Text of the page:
MITCHELL LINCOLN; RODNEY GEHRETT; ROBERT KING; CHERYL PECK; ROBERT STONE, Plaintiffs - Appellees,
TERRY MAKETA, in his individual capacity and in his official capacity as Sheriff of El Paso County; PAULA PRESLEY, in her individual capacity and in her official capacity as Undersheriff of El Paso County, Defendants - Appellants, and THE BOARD OF COUNTY COMMISSIONERS OF THE COUNTY OF EL PASO; EL PASO COUNTY SHERIFF'S OFFICE; BILL ELDER; JOE BREISTER, Defendants.
from the United States District Court for the District of
Colorado (D.C. No. 1:15-CV-00423-CMA-KMT)
D. Ringel (Matthew J. Hegarty, with him on the briefs), Hall
& Evans, L.L.C., Denver, Colorado, for
Defendant-Appellant Terry Maketa.
M. Ziporin, Ashley M. Kelliher, Senter Goldfarb & Rice,
LLC, Denver, Colorado, for Defendant-Appellant Paula Presley.
T. Farry, Jr., Farry & Stock, P.C., Colorado Springs,
Colorado, for Plaintiffs-Appellees.
HARTZ, HOLMES, and BACHARACH, Circuit Judges.
BACHARACH, CIRCUIT JUDGE.
appeal grew out of the district court's denial of
qualified immunity to the former sheriff (Mr. Terry Maketa)
and undersheriff (Ms. Paula Presley) of El Paso County. The
claims were brought by three categories of subordinates: (1)
Lieutenant Cheryl Peck; (2) Sergeant Robert Stone; and (3)
Commanders Mitchell Lincoln, Rodney Gehrett, and Robert King.
In this suit, Lt. Peck, Sgt. Stone, and the three Commanders
allege retaliation for protected speech.
district court held that the subordinates' allegations
were sufficient to defeat qualified immunity at the
motion-to-dismiss stage. We disagree because the law was not
clearly established that (1) Lt. Peck's speech fell
outside of her duties as a public employee, (2) the
investigations of Sgt. Stone and his children constituted
adverse employment actions, and (3) the investigation of the
Commanders, their placement on paid administrative leave, and
their alleged humiliation constituted adverse employment
actions. Therefore, Sheriff Maketa and Undersheriff Presley
were entitled to qualified immunity and dismissal of the
The Plaintiffs' Allegations
Peck and Sgt. Stone base their retaliation claims on a scheme
by Sheriff Maketa and Undersheriff Presley to influence an
upcoming election for sheriff by smearing one of the
candidates; the Commanders base their claims on retaliation
for their prior complaints about improper workplace
practices. Because the ruling involves a motion to dismiss
for failure to state a valid claim, we start with the
plaintiffs' allegations in the complaint. See
Part III, below.
Peck's claim arises out of her statements to the media.
In 2013, Sheriff Maketa and Undersheriff Presley secretly
took an Internal Affairs document, planning to use it against
a political opponent. At the time, Lt. Peck was in charge of
the Internal Affairs Unit of the Sheriff's Office. Lt.
Peck knew that the document was missing but did not know who
had taken it. The mystery of the missing document generated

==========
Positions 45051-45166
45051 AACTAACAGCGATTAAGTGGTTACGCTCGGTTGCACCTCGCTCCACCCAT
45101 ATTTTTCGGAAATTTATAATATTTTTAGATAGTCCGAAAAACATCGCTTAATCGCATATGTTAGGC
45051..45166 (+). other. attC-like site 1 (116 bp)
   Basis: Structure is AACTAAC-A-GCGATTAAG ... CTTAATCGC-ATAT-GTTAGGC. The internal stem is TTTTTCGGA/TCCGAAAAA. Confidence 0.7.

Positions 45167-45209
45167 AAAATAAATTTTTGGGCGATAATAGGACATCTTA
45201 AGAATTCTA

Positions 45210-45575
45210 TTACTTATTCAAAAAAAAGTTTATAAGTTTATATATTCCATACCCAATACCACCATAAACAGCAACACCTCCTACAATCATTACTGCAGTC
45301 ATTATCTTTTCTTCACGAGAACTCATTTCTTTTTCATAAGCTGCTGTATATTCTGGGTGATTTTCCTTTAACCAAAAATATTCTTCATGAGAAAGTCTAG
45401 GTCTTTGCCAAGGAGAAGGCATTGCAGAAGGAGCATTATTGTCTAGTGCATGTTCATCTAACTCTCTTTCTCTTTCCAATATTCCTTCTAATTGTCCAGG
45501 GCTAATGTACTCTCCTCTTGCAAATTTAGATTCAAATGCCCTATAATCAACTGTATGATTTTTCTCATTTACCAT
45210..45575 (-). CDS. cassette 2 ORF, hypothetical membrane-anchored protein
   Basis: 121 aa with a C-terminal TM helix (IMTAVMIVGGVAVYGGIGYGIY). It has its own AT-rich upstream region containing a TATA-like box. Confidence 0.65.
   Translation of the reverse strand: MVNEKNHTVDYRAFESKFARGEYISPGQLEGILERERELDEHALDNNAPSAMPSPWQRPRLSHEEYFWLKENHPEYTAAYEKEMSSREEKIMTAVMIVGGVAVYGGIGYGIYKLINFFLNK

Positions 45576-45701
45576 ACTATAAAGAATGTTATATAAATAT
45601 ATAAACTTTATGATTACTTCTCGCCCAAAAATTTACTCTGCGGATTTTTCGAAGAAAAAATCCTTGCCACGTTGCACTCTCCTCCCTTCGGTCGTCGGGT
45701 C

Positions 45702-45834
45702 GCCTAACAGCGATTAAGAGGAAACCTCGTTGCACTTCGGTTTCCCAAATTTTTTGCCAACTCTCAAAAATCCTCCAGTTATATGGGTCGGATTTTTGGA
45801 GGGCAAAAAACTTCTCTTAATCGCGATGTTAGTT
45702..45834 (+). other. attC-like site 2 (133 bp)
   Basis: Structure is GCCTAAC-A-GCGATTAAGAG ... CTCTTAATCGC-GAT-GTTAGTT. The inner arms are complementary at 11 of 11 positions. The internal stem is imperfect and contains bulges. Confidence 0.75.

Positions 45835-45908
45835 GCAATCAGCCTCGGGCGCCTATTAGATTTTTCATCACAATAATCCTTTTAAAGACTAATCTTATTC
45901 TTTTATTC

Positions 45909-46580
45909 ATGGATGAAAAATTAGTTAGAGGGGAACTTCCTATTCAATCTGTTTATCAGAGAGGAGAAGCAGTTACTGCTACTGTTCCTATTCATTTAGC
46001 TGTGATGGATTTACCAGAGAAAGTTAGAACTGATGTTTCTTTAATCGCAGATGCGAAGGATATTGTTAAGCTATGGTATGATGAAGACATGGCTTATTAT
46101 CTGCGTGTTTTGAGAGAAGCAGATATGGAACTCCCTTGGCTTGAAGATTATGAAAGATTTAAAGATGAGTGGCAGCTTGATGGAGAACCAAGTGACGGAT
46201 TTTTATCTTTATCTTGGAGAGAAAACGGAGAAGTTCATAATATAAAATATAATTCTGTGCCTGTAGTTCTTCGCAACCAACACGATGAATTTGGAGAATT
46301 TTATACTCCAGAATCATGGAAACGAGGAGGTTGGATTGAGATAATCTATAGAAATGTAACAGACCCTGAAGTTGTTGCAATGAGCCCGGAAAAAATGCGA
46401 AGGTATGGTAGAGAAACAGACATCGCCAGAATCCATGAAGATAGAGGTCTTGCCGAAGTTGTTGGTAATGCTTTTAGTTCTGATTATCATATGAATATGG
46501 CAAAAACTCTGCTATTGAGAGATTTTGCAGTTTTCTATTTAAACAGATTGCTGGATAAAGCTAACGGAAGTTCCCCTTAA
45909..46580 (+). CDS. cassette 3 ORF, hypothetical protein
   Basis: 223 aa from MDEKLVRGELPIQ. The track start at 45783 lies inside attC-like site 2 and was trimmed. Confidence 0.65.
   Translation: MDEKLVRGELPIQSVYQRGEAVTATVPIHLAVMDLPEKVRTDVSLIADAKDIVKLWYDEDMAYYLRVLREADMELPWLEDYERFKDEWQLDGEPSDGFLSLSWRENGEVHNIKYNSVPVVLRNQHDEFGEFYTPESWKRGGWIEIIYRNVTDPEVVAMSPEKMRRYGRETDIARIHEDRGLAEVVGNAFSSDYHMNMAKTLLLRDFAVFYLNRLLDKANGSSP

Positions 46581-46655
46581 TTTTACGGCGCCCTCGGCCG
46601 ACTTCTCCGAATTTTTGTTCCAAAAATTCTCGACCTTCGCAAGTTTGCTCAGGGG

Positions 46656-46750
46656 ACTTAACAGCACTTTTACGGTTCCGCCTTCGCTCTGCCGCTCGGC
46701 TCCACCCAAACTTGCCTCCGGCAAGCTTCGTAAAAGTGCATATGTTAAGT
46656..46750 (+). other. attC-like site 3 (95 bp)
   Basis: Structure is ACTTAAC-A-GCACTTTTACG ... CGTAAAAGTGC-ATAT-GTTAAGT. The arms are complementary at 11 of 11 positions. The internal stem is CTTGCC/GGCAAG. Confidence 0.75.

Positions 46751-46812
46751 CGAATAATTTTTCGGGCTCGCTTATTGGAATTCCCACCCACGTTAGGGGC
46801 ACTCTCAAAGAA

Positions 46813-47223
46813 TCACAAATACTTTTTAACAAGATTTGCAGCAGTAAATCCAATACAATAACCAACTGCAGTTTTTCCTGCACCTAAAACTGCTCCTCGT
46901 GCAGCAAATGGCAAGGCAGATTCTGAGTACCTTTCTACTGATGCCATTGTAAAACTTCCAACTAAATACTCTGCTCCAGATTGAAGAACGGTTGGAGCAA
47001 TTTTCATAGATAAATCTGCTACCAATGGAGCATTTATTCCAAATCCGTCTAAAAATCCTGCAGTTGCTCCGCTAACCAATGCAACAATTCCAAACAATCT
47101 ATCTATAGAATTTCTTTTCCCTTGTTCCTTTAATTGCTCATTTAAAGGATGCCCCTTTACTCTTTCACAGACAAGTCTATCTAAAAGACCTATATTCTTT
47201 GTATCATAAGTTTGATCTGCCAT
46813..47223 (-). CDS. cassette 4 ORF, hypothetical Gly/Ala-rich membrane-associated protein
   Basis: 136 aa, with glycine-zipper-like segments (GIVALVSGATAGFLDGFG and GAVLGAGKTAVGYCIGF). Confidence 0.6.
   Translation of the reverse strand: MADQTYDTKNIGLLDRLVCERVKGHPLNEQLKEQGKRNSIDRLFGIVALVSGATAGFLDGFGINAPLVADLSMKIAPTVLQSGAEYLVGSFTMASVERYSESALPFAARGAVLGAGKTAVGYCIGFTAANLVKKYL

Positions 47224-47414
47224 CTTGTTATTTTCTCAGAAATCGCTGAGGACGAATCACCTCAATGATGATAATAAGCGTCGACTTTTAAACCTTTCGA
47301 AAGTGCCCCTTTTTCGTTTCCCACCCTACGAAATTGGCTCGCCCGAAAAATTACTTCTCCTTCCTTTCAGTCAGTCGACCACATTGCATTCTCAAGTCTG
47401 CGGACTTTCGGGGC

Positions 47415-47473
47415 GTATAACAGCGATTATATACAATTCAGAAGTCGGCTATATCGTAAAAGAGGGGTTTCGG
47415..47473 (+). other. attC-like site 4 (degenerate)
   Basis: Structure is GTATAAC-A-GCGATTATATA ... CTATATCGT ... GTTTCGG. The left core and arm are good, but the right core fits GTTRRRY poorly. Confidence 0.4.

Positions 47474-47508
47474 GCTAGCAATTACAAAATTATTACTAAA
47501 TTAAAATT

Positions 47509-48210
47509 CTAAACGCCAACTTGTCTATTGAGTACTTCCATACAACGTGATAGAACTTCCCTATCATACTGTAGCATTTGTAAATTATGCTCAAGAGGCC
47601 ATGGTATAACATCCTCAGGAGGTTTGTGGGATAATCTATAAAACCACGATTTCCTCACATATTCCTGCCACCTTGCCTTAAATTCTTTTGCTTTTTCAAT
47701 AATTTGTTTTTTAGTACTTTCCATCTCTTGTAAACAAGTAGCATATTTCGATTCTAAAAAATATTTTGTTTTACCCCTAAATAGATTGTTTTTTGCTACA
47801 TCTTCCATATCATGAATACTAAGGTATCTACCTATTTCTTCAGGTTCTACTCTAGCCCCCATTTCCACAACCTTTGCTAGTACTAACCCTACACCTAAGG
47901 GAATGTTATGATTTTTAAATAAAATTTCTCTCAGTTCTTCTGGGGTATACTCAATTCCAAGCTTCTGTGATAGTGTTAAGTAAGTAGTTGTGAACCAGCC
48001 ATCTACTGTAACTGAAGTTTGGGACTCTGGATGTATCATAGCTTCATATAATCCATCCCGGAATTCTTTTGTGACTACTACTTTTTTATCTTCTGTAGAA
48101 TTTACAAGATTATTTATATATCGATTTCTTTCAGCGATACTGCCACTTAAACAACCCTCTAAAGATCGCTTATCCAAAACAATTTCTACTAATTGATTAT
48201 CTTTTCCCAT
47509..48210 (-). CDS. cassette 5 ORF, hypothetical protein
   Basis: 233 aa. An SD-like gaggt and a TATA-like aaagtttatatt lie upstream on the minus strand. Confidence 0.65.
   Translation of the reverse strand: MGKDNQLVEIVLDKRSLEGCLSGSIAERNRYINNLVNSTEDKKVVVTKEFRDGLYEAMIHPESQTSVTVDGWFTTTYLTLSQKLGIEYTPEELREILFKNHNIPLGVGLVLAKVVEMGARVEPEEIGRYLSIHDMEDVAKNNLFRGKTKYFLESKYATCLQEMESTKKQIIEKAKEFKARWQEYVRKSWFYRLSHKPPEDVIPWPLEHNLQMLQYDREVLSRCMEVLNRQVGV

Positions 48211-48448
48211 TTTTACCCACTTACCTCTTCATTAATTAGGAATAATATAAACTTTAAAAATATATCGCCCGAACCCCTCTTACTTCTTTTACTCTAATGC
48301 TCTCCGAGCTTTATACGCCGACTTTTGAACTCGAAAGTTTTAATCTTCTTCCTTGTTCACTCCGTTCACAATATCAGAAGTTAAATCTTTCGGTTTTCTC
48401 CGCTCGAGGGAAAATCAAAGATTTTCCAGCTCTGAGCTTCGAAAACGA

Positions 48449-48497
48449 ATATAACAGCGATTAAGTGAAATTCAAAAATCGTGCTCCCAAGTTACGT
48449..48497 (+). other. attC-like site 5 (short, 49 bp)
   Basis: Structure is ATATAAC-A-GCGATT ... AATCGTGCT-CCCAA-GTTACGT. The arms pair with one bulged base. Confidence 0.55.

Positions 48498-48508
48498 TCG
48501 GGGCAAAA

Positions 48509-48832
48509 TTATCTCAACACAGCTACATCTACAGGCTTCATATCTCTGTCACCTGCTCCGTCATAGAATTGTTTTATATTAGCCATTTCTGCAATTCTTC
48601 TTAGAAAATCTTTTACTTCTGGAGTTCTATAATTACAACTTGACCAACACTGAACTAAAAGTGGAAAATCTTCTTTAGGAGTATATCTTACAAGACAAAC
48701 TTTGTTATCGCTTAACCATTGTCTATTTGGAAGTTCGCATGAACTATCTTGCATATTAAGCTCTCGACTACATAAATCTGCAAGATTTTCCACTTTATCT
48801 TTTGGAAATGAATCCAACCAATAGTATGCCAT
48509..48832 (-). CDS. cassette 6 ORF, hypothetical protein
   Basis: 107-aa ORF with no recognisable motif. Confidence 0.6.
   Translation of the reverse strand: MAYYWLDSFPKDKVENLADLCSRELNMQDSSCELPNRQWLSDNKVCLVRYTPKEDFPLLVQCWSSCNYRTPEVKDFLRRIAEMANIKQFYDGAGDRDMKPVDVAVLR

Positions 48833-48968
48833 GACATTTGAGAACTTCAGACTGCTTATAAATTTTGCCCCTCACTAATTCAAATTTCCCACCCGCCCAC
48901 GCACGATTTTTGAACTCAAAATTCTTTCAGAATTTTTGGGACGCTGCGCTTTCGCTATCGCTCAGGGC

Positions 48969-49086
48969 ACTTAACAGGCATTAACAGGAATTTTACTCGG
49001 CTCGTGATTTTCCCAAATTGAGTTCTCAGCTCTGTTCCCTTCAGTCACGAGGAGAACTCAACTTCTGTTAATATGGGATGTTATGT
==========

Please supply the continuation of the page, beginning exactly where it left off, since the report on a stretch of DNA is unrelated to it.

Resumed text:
address the matter, Sheriff Maketa ordered Lt. Peck to speak
to the media and deliver a false narrative, saying that the
Internal Affairs document had been stolen by supporters of
the political opponent. Lt. Peck spoke to the media as
requested, but she did not give the story crafted by Sheriff
Maketa; she instead "spoke truthfully."
Appellant's App'x at 277. In response, Sheriff Maketa
transferred Lt. Peck to the midnight shift.
Stone's claim arises out of his political support for the
candidate opposed by Sheriff Maketa and Undersheriff Presley.
Upon learning of Sgt. Stone's support, Sheriff Maketa
• subjecting Sgt. Stone to a "criminal
investigation" into the missing Internal Affairs
document, including interrogations, two lie-detector tests,
and accusations that Sgt. Stone had stolen the document and
• ordering a criminal investigation into Sgt.
Stone's two children, both of whom were employees of the
Commanders' claims arise out of their filing of
complaints about Sheriff Maketa and Undersheriff Presley.
These complaints were filed with the Equal Employment
Opportunity Commission and the El Paso County Board of County
Commissioners. In the complaints, the Commanders alleged that
Sheriff Maketa and Undersheriff Presley had engaged in
Commanders informed Undersheriff Presley of the complaints.
Three hours later, Sheriff Maketa and Undersheriff Presley
• put the Commanders on paid administrative leave,
• confiscated their telephones, tablets, weapons,
badges, and vehicles, and
• had the Commanders escorted out of the building.
Commanders allege humiliation from the second and third
actions. And in the aftermath of the complaints, Sheriff
Maketa and Undersheriff Presley filed Internal Affairs
complaints against two of the Commanders, subjecting them to
Peck, Sgt. Stone, and the Commanders sued under 42 U.S.C.
§ 1983, alleging that Sheriff Maketa and Undersheriff
Presley had retaliated based on the exercise of protected
speech. Sheriff Maketa and Undersheriff Presley moved to
dismiss based on qualified immunity. The district court
denied the motion, and Sheriff Maketa and Undersheriff
Standard of Review
engage in de novo review of the district court's rulings
on a motion to dismiss under Federal Rule of Civil Procedure
12(b)(6), and we "accept the facts alleged in the
complaint as true and view them in the light most favorable
to the plaintiff[s]." Mayfield v. Bethards, 826
F.3d 1252, 1255 (10th Cir. 2016).
doctrine of qualified immunity protects officials from civil
liability as long as they do not "'violate clearly
established statutory or constitutional rights of which a
reasonable person would have known.'" Mullenix
v. Luna, ___ U.S. ___, 136 S.Ct. 305, 308 (2015)
(quoting Pearson v. Callahan,555 U.S. 223, ...